Marvel’s Iron Fist episode 3 viewing notes: Rolling Thunder Cannon Punch

Iron Fist's racial awkwardness rears its head in episode three, which has one decent fight and one, er, not so decent fight...

These viewing notes contain spoilers.

1.3 Rolling Thunder Cannon Punch

Iron Fist, the fourth and final member of the Defenders, has finally made his debut. As with previous Netflix series, we’ll be reviewing an episode a day highlighting the characters, reference points and easter eggs we spotted. Feel free to read along as you watch too, but please don’t spoil future episodes for anyone in the comments!

Ad – content continues below

Now that people actually believe Danny Rand is Danny Rand, he sets about attempting to prove that to the rest of the world, while Joy and Ward attempt to retain control of the company Danny feels he’s owed.

I thought significant parts of this episode were actually good, though mostly in a “they should’ve got to this point in the pilot” way. The whole of episode two feels like a weird diversion at this point.

This episode is the first time we get one of those racially awkward moments, as Danny teaches Colleen how to fight, even though she’s a professional martial artist and it’s literally her culture. This is the kind of scene that reads fine in isolation, but couple it with colonial history, white saviour narratives and the general lack of representation on screens and it becomes fist-bitingly awkward. Not least because it’s the kind of thing that could easily have been avoided with a little forethought.

It’s also got two other fight scenes, one of which is quite good, the other of which is borderline laughable. Guess which one doesn’t feature the show’s lead character? That’s right! The fight in the hospital records room, which is a total narrative dead end, does not suggest that Danny is a brilliant martial artist. Though I admit, any time he actually uses his Iron Fist I’m enjoying it.

At least Hogarth is back, reminding us that gay characters can exist in the MCU. Hogarth was last seen in Jessica Jones, where she was way more ruthless than she is here. Although to be fair, she’s been through a lot since her power-mad, borderline-evil days. I’ve got everything crossed for a Foggy Nelson cameo given that he’s working at her firm, but I think that’s unlikely based on Netflix’s previous form where Claire Temple’s basically the only person who can cross the series line in any serious way before Defenders.

And in case you needed reminding, Jeri Hogarth is a gender-flipped version of Jeryn Hogarth. Jeryn was introduced in Iron Fist #6 (August, 1976) as the attorney for Heroes for Hire. Since she’s asking for a permanent retainer from Rand-Meachum if Danny gets his company back, it seems likely she’ll end up in some similar capacity here.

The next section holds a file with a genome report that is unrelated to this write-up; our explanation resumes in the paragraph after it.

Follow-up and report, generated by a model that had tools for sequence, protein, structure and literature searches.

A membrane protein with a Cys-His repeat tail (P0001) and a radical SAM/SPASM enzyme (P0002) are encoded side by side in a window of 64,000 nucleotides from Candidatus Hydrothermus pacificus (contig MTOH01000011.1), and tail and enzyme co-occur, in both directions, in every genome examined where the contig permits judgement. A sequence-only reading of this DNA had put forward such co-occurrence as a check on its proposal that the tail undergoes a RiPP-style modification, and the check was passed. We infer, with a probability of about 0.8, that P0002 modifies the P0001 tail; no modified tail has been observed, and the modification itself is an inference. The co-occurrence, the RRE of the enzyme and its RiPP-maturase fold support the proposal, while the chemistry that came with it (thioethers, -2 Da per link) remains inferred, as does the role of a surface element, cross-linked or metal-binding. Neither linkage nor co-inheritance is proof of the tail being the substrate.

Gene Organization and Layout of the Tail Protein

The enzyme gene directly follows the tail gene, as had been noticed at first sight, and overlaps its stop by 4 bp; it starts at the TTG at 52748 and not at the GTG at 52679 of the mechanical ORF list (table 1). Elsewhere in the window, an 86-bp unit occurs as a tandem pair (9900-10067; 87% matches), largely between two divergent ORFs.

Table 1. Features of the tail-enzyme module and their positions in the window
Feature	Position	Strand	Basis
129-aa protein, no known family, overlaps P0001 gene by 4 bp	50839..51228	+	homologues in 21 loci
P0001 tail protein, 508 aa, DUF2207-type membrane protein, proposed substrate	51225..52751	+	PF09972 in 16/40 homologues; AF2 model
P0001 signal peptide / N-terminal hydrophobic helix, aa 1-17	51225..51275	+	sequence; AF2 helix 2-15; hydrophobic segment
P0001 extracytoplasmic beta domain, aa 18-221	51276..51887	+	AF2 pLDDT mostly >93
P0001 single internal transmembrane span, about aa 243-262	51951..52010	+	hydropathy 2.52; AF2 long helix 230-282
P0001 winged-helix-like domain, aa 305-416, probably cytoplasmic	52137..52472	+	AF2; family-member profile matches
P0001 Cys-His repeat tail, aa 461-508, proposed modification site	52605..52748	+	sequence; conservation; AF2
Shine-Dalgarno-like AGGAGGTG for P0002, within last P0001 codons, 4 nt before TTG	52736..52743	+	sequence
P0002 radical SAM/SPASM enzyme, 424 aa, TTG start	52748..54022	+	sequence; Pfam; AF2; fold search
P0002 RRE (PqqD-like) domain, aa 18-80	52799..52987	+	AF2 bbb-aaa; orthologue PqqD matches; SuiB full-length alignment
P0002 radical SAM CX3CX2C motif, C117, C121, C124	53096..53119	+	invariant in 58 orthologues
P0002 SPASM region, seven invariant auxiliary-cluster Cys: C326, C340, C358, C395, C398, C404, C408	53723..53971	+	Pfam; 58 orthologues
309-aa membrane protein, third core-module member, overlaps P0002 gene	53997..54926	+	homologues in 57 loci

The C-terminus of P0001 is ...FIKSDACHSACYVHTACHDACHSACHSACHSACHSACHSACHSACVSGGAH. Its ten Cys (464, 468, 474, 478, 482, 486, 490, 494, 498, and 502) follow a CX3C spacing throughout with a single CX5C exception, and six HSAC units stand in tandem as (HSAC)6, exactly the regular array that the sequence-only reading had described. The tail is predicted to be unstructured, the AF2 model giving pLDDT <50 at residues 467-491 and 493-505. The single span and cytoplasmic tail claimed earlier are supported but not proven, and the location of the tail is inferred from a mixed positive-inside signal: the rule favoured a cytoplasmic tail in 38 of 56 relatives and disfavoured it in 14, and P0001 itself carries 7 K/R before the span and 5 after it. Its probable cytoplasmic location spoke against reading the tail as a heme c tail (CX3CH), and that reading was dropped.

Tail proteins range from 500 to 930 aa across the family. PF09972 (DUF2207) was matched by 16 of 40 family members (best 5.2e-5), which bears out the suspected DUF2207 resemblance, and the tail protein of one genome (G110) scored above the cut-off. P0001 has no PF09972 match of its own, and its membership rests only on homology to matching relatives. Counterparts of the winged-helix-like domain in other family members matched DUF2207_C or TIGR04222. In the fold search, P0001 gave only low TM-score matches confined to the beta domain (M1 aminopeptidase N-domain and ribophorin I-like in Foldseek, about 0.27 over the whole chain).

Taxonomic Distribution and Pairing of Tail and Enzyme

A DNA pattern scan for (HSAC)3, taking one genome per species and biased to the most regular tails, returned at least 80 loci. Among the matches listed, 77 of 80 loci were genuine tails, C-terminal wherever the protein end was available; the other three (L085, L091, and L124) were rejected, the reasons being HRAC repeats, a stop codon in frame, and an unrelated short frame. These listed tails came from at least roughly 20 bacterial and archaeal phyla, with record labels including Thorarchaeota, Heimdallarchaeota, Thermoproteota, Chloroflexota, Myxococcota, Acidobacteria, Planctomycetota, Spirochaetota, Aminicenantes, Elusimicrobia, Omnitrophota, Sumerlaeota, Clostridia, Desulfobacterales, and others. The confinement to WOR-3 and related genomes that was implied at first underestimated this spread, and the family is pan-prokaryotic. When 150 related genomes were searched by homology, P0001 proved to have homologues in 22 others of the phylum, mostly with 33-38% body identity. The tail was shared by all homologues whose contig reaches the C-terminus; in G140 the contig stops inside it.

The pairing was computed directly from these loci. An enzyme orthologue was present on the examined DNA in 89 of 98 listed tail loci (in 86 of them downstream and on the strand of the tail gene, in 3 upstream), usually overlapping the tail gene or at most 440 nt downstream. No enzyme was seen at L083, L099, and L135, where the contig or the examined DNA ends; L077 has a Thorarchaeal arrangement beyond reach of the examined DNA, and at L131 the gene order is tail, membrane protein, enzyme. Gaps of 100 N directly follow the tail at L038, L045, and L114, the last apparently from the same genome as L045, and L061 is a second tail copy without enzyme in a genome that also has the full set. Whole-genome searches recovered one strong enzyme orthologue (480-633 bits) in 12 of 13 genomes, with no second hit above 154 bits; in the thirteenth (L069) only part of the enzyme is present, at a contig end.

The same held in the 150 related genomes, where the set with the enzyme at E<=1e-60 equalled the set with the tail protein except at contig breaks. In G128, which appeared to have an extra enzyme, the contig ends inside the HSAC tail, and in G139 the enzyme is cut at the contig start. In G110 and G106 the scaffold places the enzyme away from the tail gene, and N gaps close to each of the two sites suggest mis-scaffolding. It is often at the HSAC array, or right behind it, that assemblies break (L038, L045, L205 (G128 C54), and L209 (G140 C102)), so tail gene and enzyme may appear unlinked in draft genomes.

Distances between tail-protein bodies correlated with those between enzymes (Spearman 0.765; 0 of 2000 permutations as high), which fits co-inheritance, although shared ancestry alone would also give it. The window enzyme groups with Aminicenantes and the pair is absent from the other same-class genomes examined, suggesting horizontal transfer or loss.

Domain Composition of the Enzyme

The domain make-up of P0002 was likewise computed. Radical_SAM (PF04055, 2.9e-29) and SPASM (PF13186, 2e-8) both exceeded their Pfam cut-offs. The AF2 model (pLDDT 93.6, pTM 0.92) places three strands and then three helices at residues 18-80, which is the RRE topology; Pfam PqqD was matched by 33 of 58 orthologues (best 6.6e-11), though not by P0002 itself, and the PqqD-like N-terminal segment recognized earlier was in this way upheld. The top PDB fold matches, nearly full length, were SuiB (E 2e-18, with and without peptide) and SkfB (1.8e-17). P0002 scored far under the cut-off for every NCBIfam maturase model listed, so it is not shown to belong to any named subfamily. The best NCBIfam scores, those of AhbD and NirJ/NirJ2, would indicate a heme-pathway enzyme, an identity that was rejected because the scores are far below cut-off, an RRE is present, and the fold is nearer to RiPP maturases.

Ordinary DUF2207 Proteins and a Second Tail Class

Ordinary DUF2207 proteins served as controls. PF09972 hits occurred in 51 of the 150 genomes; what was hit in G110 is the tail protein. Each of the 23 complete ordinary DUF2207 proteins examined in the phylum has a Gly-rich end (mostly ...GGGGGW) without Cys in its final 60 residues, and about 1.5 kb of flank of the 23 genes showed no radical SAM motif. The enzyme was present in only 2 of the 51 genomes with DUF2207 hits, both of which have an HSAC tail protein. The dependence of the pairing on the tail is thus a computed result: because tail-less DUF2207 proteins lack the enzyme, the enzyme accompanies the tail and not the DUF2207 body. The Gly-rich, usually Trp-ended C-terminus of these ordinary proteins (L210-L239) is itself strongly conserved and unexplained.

Ad – content continues below

Oh, actually, as well as Claire Temple, this episode sees a character who is clearly Madame Gao show up – although she’s not referred to as such and we don’t see her face. But it’s worth remembering that way back in Daredevil Season 1, Gao was manufacturing drugs with the Steel Serpent logo on them. Here’s what I said at the time:

When Madame Gao checks out after her factory is destroyed, she tells Owlsley that her home is “considerably further” than China. Combine that with the symbol on her heroin packets – the logo of the Steel Serpent – and it’s pretty clear that she’s talking about K’un L’un, the mystical city where Iron Fist’s power comes from.

That leads me to believe that Madame Gao might actually be the Crane Mother. Indeed, without knowing all the details, I’d put money on the Steel Serpent showing up before the end of this series.

In her cage fight, Colleen calls herself the Daughter of the Dragon. In the comics, she and Misty Knight teamed up to form the team, Daughters of the Dragon. The pairing first appeared (under that name) in Deadly Hands of Kung Fu #32 (January 1977).

Is it a stretch to say that the colour choices of Danny’s ceramic bowl – green and yellow – are a reference to his comics costume? I’m saying they are. Speaking of which, that moment – Rand one-upping Ward and Joy – was the first time this series where I felt like I was on Danny’s side. Though I’m not sure I wasn’t just thinking “thank Christ we can get away from the “but is he Danny Rand?” stuff.

And finally, the New York Bulletin and Metro-General Hospital have both showed up before in the Netflix-verse, as the official newspaper and hospital of choice for the Netflix MCU’s New York.

Ad – content continues below

This episode ends with an almost literal cliffhanger, as Danny goes from hanging out of a tall building to falling off it. The likelihood of him actually dying here seems low, but I guess it’s interesting to imagine how he’ll get out of it. I guess. I sort of resent any cliffhanger that assumes the viewers have never seen a TV show before though.

Read James’ viewing notes on the previous episode, Shadow Hawk Takes Flight, here.